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A Question about Mass Defects in Nuclear Reactions, and a few more general questions

  1. May 19, 2012 #1
    Hi, I have a question of mass defects in nuclear reactions, and some preliminary questions about nuclear reactions in general.

    First of all, can all nuclear reactions be classified as either fission, fusion, or radioactivity?

    Is there a mass defect / conversion of mass into energy in a radioactive process?

    Are alpha decays examples of fission reactions? Or do fission reactions only involve reactions that split up a nucleus into two "fairly large" nuclei?

    Do both fission reactions and fusion reactions involve a mass defect, with the mass of the products being less than the mass of the reactants?

    Are there any nuclear reactions in which there is a mass "excess," with the mass of the products being greater than that of the reactants? Is this even possible?

    As a continuation of the previous question, what is an example of a process in which energy has been converted to mass?

    Do the two equations E = mc^2 and E = nhc/lambda (where n is a positive integer) considered simultaneously imply that not only energy, but also mass, is quantized; and does it imply a minimum nonzero mass just as it implies minimum nonzero energy?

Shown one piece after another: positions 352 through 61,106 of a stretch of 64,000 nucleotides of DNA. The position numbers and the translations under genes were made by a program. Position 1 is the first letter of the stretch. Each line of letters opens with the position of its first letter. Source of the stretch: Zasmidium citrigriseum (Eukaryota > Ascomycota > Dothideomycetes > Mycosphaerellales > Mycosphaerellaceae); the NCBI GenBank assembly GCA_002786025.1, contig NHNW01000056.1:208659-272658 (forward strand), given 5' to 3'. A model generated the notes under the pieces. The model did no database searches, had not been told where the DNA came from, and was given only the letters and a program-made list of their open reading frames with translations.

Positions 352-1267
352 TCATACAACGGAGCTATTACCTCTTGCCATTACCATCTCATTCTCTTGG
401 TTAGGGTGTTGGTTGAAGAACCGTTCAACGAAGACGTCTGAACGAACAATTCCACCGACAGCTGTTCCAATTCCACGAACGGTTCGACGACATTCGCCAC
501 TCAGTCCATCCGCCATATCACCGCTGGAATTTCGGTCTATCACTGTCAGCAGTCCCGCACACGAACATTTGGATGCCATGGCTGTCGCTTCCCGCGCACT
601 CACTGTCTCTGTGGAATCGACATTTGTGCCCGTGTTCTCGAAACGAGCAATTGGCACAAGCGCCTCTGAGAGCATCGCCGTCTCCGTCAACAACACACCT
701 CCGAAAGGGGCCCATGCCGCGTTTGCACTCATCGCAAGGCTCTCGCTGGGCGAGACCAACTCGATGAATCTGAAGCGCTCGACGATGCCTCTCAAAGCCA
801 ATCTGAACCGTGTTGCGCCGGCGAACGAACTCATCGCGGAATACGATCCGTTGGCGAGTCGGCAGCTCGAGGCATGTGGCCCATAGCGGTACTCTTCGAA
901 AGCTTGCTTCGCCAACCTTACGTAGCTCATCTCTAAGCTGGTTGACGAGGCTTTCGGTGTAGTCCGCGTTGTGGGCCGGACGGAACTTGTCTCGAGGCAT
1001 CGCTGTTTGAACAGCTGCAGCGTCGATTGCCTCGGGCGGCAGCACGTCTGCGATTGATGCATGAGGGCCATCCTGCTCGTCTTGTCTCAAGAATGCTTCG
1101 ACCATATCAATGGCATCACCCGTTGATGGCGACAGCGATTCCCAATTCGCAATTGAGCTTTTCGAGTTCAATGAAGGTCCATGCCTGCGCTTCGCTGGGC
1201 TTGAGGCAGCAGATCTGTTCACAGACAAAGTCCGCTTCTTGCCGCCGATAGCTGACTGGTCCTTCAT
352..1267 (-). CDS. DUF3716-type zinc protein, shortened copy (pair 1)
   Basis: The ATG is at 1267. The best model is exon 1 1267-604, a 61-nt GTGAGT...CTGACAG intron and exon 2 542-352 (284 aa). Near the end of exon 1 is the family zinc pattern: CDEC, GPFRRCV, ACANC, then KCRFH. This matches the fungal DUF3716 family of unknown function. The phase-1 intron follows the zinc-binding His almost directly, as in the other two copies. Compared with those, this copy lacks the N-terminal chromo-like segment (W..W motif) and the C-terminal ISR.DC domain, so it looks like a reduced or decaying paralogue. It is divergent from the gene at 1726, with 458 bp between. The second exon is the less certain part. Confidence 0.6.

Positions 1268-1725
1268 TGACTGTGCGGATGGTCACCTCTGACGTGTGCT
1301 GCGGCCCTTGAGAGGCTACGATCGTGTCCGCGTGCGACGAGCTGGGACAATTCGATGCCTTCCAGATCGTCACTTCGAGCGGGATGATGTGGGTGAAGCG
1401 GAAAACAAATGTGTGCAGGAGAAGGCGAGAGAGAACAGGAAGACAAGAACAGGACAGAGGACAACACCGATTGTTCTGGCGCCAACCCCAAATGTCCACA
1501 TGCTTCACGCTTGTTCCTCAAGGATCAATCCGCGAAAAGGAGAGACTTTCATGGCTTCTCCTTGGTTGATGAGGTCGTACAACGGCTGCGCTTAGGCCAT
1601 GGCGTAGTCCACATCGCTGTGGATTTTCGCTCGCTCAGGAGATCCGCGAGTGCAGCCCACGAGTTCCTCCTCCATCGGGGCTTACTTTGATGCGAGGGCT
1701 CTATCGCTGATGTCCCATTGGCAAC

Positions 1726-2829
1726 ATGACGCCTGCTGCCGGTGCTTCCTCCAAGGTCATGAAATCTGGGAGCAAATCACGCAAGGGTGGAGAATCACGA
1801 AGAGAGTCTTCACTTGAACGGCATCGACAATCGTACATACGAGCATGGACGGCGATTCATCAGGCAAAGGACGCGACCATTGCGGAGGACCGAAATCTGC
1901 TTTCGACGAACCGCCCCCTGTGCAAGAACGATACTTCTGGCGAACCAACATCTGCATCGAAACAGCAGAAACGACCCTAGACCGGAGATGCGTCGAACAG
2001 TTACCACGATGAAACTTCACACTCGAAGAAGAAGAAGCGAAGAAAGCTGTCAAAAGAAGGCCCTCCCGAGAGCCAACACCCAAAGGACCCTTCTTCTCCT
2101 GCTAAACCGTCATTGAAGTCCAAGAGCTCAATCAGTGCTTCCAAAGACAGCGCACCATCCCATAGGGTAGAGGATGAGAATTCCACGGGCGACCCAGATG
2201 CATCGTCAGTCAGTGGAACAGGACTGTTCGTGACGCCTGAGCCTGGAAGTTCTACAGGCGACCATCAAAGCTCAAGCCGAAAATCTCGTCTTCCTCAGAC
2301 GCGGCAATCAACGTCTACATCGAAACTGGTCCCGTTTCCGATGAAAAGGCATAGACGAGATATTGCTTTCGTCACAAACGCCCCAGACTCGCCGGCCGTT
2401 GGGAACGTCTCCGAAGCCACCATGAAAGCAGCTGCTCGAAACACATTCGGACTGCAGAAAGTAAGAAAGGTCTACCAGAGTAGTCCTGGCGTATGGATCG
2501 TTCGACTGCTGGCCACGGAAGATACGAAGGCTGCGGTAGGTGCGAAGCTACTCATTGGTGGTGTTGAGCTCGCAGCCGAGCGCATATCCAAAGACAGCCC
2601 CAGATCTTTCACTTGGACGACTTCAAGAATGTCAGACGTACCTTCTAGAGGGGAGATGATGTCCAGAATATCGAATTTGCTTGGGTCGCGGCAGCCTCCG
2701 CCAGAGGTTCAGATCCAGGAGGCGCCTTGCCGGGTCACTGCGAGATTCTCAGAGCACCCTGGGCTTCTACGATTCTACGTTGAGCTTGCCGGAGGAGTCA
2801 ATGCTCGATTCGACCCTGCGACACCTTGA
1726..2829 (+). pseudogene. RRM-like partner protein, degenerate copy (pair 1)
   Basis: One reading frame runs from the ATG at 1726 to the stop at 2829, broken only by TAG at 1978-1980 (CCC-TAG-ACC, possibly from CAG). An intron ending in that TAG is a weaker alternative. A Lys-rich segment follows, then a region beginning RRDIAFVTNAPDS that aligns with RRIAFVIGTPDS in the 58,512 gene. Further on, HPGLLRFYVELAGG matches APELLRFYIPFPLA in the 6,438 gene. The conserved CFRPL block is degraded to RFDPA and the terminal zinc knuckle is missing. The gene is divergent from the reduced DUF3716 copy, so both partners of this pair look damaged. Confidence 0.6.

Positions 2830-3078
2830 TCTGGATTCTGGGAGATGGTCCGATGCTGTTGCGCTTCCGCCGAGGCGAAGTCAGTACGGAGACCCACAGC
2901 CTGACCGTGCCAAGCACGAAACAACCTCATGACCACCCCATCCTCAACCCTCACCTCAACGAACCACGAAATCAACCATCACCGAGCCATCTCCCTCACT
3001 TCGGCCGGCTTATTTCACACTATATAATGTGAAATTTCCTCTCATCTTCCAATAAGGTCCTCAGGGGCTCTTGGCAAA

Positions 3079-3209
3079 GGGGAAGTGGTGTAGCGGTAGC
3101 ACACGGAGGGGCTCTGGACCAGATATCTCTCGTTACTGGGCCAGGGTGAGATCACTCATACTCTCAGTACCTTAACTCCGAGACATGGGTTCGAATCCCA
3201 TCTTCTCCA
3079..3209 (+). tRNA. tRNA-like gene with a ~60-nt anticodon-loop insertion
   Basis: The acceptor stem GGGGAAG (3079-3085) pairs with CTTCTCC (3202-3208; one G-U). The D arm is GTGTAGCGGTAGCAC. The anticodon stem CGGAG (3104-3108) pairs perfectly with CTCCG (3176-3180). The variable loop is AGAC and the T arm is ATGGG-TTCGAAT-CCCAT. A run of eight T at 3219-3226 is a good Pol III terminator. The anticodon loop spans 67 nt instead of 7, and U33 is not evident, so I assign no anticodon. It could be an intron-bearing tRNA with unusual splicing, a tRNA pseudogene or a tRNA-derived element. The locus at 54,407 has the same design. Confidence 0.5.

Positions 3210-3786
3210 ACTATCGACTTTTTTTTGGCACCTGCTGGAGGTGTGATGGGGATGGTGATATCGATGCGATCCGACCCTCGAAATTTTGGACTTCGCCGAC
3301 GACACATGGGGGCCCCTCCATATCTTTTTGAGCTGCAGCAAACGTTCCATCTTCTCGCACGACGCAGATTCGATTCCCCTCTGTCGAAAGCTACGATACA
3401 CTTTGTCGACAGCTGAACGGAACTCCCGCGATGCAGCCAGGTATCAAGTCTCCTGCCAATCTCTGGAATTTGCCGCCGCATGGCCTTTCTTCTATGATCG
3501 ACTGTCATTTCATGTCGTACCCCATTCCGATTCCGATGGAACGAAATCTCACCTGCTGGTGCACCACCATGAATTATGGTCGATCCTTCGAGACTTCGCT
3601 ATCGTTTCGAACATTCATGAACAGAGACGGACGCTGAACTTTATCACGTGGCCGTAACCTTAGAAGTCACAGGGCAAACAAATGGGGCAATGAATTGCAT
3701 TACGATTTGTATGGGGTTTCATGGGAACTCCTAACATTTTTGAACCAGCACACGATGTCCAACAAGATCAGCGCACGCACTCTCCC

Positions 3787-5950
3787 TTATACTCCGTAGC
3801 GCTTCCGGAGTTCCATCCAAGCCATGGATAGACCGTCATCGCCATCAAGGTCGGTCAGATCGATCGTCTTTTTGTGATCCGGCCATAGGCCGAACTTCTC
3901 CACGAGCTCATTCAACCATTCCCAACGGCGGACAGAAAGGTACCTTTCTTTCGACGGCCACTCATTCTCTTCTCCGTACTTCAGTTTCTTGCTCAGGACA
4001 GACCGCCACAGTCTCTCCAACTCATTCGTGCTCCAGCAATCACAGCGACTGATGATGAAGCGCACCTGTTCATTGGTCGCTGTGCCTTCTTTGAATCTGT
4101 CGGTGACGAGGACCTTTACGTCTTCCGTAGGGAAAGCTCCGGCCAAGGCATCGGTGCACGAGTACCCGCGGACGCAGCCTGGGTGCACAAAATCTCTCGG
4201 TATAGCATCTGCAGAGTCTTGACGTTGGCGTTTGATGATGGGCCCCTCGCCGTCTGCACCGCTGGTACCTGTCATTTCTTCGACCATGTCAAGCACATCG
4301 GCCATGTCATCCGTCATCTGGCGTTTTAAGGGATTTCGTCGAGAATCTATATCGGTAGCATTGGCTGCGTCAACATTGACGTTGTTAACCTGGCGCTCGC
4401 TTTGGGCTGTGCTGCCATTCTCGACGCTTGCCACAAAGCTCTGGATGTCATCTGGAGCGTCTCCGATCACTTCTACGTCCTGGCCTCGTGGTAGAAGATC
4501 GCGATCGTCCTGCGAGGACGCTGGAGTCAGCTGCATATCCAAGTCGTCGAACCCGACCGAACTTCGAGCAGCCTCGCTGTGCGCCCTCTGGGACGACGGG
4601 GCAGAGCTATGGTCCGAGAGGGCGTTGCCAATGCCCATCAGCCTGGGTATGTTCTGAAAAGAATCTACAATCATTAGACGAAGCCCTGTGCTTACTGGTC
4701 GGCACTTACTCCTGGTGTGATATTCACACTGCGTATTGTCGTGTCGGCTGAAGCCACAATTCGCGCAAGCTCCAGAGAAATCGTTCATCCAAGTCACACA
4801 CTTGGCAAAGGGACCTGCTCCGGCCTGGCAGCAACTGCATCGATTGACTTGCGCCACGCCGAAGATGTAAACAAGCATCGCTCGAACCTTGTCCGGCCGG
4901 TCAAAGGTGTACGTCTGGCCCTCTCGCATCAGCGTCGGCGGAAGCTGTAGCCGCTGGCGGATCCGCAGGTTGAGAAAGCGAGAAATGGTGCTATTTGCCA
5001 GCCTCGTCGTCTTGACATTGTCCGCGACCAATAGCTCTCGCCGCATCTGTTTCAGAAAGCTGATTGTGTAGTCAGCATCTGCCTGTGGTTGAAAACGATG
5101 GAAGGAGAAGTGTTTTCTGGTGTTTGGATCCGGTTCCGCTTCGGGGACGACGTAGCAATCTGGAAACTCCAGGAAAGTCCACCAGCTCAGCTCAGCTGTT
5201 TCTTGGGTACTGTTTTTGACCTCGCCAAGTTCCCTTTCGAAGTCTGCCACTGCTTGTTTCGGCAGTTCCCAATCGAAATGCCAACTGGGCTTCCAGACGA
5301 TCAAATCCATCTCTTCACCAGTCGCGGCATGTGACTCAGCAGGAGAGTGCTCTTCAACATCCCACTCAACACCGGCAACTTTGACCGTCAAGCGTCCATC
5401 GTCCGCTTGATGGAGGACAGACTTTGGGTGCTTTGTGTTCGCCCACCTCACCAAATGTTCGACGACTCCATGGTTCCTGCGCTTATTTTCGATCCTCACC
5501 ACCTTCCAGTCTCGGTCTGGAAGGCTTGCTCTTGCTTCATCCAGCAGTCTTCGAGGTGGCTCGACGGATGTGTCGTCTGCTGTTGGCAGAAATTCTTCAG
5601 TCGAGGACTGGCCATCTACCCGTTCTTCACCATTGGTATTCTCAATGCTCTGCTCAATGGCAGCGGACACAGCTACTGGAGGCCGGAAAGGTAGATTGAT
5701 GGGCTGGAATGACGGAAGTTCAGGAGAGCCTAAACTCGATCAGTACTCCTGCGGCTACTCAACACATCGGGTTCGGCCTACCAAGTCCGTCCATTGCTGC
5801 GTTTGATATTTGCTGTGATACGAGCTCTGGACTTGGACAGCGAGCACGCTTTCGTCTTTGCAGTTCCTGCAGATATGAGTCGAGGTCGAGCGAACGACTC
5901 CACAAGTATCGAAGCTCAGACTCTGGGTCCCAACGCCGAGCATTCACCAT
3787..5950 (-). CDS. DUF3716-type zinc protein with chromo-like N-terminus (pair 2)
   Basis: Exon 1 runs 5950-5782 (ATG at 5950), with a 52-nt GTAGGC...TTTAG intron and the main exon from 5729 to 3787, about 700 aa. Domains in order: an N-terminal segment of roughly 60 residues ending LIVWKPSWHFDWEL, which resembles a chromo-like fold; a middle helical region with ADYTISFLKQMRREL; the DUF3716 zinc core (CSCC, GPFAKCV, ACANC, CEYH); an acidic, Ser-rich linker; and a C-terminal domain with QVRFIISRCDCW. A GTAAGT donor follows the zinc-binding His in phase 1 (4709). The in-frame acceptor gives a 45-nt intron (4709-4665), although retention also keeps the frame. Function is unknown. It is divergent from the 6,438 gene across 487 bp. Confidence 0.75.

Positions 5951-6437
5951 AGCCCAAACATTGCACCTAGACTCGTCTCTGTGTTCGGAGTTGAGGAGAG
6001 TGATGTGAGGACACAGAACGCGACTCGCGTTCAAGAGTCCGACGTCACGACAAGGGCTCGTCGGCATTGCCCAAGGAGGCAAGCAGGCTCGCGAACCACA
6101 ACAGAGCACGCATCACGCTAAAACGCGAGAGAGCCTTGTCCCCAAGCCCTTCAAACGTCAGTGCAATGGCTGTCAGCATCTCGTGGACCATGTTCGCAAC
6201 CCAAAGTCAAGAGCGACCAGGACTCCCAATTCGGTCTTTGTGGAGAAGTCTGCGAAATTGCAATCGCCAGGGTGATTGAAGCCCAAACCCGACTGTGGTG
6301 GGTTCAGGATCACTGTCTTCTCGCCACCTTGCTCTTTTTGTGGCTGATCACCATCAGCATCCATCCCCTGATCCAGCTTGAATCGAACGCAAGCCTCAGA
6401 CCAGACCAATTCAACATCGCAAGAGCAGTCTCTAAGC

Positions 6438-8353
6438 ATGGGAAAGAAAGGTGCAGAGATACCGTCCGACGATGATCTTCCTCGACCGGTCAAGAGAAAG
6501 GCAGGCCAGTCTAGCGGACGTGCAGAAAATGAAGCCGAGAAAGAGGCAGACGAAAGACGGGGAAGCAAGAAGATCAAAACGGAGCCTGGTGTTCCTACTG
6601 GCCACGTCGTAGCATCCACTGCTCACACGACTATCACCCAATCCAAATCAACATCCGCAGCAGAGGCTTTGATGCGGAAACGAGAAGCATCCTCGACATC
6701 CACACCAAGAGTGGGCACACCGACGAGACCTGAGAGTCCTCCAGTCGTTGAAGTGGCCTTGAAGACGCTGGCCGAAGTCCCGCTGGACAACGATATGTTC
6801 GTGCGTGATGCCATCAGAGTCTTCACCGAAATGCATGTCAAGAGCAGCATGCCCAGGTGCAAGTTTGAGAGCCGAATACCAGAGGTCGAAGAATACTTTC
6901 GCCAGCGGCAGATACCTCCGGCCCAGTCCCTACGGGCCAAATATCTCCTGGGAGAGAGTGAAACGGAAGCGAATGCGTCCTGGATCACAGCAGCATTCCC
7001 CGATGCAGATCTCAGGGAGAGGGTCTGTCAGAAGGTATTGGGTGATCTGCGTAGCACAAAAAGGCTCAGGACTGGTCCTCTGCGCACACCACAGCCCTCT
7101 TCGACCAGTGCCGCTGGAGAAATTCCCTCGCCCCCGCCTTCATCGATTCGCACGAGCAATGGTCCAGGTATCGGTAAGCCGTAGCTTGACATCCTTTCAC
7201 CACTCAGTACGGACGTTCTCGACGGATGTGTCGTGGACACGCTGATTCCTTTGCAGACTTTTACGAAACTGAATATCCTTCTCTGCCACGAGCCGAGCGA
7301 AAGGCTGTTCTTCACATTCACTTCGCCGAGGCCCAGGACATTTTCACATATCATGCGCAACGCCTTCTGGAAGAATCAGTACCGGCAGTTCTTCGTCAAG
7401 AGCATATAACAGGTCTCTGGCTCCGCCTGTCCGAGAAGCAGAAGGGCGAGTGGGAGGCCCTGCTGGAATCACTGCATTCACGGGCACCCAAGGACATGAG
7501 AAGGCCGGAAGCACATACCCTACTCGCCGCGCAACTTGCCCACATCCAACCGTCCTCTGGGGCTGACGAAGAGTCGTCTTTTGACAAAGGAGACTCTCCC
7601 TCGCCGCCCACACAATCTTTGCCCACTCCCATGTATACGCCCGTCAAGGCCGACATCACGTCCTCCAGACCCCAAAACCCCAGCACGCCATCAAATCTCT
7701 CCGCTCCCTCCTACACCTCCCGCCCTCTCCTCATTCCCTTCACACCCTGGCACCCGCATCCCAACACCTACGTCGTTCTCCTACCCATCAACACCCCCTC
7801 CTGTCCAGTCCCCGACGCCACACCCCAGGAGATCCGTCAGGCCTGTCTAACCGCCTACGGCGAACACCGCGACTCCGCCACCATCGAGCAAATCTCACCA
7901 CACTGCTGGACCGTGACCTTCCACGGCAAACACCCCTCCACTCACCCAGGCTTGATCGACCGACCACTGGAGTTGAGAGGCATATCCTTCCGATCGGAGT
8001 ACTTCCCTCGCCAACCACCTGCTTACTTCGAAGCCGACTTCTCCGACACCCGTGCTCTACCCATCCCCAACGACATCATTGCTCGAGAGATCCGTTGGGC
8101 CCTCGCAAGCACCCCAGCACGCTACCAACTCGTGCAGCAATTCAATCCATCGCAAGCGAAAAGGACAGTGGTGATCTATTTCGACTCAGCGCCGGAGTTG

Are extremely small processes that occur at the subatomic level such as hyperfine splitting involve energies that are, for atoms of the same element, quantized?

    Thanks guys.

    Cheers,
    Jay
     
    Last edited: May 19, 2012
  2. jcsd
  3. May 19, 2012 #2
    Re: A Question about Mass Defects in Nuclear Reactions, and a few more general questi

    Ok, some fairly quick answers...
    The above cover the majority, but there are some other types such as electron/neutrino capture.
    Mass into energy, yes. Apart from beta decays, though, radioactivity normally increases the mass defects of the resulting particles. Beta decays release energy because the mass of a neutron is more than that of the resulting proton, electron and antineutrino.
    The latter, though this is really just a question of definitions of terms. Fissions can also produce more than the two nuclei - typically a few neutrons may be released as well.
    Spontaneous reactions, yes. The only exception I can think of is the one in the answer to the next question.
    Yes, the reactions that produce the very heavy elements in the first place, such as in supernovae, are endothermic.
    Don't think so.
    Yes, the hyperfine splitting is just a very small difference between two quantised energy levels. See http://en.wikipedia.org/wiki/Hyperfine_structure.
     
    Last edited: May 19, 2012
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